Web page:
Employers often maintain policies prohibiting off-duty employees from accessing their facilities.
The National Labor Relations Board through November 5 has reconsidered 35 decisions issued by Board panels found to be invalidly constituted under the Supreme Court’s ruling in NLRB v. Noel Canning.
The Big Impact from Nixed Recess Appointments: Supreme Court’s Rejection of President Obama’s NLRB Picks Could Upset Hundreds of Decisions.
The U.S. Supreme Court last month decided the Noel Canning case, unanimously holding that President Obama’s proposed recess appointments of Terrence Flynn, Sharon Block and Richard Griffin to be members of the National Labor Relations Board (Board) were unconstitutional.
The National Labor Relations Board has been busy since the Supreme Court’s June 26th Noel Canning decision trying to address the issues and uncertainty resulting from the Court’s holding that recess appointments of Board members on January 4, 2012, were invalid because the Senate was not actually in recess.
In case you were hoping that the Supreme Court’s recent decision in Noel Canning would finally put to bed any questions regarding President Obama’s recess appointments to the NLRB, or that the Fifth Circuit’s rejection of the Board’s decision in D.R. Horton might alter the NLRB’s position on the right of employers to require employees to abide by mandatory arbitration agreements , think again.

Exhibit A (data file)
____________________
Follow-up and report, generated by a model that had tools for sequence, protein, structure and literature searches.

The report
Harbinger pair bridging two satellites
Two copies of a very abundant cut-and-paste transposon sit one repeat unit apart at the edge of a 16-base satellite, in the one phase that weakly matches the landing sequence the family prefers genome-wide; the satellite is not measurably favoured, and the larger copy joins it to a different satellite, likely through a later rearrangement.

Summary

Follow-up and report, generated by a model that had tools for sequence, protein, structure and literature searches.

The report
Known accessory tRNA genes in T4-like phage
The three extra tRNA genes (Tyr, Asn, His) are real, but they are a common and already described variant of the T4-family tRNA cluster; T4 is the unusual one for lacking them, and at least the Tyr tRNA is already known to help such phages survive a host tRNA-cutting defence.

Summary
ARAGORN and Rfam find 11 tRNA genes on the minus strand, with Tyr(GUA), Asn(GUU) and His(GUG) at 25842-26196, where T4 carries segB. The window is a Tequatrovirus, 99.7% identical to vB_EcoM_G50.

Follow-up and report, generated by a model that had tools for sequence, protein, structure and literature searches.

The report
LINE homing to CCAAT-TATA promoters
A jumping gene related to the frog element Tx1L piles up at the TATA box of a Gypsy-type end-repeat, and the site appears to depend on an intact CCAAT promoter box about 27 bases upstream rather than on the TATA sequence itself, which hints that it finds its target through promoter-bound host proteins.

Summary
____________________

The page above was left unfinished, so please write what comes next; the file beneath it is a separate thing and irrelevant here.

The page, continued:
The NLRB v. Noel Canning case is one many in the employment law community have had their eye on for a very long time. Though the NLRB has since figured out its authority issues, the impact of whether or not President Obama’s recess appointments to the Board were legal was still plenty large.
When the Supreme Court decided National Labor Relations Board v. Noel Canning on June 26, 2014, it invalidated the cases that the NLRB decided between January 4, 2012 and August 3, 2013.
On June 26, 2014, in NLRB v. Noel Canning, the Supreme Court of the United States unanimously decided that President Obama’s purported “recess” appointments of National Labor Relations Board members on January 4, 2012 violated the Constitution because the Senate was not on a break of “sufficient length” when the President appointed them, and thus the President could not dispense with Senate consent of the appointments.
It should be no surprise that the CFPB and Republican Congressman Jeb Hensarling, who chairs the House Financial Services Committee, have different perspectives on the U.S. Supreme Court’s ruling last week that President Obama exceeded his Constitutional recess appointment authority when he filled three vacancies on the National Labor Relations Board in January 2012 .
On June 26, 2014, the U.S. Supreme Court affirmed the decision issued by the U.S. Court of Appeals for the District of Columbia Circuit that President Obama’s recess appointments to the National Labor Relations Board (“NLRB”) on January 4, 2012, were unconstitutional.